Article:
Living up to a Mission
Alain Laforest '15 is a Starr Fellow working on the Frontier Learning Science Bowl League.
The days leading up to my twentieth birthday were nerve wrecking. All of my plans to create a program that lived up to its mission would be tested by the first day of the Brown Science Bowl Pilot Program Summer Program. My birthday became an afterthought replaced by my greatest fear - creating a program that didn't live up to its mission.
I hit the gym. I worked out, played basketball, and did all I could to release stress - but nothing worked. I spoke with whoever would listen but all the mentorship in the world couldn't silence my self doubt. All the thoughts of everything that could possibly go wrong were only silenced as Randy, the first student to arrive, walked into Smith-Buonanno Hall for the first time Saturday morning.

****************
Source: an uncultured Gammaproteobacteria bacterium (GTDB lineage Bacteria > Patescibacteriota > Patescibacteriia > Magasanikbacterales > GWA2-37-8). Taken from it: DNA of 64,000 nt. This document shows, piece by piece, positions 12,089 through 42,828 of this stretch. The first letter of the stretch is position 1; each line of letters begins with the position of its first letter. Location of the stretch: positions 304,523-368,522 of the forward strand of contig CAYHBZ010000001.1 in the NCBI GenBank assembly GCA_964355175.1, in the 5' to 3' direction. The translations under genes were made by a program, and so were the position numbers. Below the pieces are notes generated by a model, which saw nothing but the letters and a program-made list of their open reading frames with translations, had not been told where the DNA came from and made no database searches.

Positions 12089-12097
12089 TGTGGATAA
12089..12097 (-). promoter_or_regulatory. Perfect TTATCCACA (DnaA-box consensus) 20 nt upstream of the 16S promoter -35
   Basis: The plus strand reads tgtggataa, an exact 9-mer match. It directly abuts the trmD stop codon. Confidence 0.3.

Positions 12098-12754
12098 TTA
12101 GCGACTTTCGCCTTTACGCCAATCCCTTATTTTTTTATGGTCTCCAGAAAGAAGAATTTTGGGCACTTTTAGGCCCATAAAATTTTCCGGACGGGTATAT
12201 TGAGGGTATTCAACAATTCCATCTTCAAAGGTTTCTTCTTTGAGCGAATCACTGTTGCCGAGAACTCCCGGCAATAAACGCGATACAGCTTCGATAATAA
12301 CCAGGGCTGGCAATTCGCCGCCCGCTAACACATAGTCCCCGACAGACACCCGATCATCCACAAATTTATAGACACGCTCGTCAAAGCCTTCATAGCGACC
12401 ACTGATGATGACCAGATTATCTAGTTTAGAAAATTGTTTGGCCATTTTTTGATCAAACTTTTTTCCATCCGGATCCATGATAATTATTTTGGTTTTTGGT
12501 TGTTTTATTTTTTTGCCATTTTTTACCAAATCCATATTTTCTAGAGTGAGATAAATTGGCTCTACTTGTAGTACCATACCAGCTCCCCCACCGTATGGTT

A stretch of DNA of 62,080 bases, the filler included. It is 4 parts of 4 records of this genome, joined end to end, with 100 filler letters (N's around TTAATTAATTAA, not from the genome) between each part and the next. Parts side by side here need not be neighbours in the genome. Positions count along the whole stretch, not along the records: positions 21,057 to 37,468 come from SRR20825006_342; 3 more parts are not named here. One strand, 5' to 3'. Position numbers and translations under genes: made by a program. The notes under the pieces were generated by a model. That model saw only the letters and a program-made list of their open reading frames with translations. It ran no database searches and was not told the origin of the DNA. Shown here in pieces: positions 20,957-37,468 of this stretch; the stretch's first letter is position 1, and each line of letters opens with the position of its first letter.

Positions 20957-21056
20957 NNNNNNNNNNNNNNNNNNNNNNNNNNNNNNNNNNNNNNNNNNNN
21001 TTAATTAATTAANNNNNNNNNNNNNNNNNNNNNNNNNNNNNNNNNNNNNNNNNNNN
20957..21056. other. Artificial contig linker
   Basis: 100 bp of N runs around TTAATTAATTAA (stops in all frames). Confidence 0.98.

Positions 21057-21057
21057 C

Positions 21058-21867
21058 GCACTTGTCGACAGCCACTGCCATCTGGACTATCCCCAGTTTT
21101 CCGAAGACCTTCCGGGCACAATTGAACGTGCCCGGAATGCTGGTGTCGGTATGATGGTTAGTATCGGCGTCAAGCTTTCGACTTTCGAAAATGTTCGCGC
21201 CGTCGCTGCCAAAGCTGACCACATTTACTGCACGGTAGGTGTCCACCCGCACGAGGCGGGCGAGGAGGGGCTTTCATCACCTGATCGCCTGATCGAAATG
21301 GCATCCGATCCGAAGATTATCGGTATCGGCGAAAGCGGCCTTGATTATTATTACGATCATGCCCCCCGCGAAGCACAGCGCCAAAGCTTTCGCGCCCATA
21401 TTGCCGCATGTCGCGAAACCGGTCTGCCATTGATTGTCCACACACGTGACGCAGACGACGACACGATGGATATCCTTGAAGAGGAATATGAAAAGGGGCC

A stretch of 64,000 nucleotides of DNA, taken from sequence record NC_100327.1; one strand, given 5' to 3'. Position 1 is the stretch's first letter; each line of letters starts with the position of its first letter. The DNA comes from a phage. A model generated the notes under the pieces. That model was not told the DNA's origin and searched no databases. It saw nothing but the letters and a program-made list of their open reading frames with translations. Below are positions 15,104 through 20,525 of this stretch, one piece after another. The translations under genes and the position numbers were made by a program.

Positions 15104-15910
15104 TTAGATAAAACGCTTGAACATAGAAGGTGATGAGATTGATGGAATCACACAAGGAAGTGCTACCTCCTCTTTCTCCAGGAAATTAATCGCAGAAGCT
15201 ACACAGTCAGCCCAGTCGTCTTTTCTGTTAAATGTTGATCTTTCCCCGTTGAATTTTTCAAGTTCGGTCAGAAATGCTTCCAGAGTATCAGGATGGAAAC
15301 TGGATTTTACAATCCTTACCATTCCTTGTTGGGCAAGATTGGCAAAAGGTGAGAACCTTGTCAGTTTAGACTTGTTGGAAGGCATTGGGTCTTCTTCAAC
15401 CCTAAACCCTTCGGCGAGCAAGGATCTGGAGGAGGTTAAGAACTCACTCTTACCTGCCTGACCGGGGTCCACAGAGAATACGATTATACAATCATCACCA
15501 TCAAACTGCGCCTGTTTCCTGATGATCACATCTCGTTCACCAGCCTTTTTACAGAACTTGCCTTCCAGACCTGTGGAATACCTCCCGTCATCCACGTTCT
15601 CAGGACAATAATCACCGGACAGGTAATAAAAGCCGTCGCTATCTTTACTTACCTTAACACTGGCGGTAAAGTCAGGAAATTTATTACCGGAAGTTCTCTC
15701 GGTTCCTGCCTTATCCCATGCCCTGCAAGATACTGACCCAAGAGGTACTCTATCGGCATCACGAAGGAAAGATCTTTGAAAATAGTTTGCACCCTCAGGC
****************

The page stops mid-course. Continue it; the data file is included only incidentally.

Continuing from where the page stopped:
On July 6th, eight brave Providence high school students visited Brown University to "play" science. After completing an intensive diagnostic exam adopted from the New York State Regents examination, the students played their first rounds Science Bowl and learned about cell structure in a curriculum led by Samantha Rose and Lee-Sien Kao.
As I sat back to assess how things were going, I couldn't help but notice that the students were having a great time and crack a smile when I overheard one student say "I wish my science class was like this." It wasn't perfect and I didn't save the world in a day, but that told me all I needed to know. Although I have a lot to learn, I'm off to a great start and I'm learning more from the students each day. For my birthday, I got to invite students to Brown and get them excited about learning (and I had an awesome plant cell-cake too!).
What do you guys do to handle stress? How do you manage to keep things in perspective when the methods you use fail?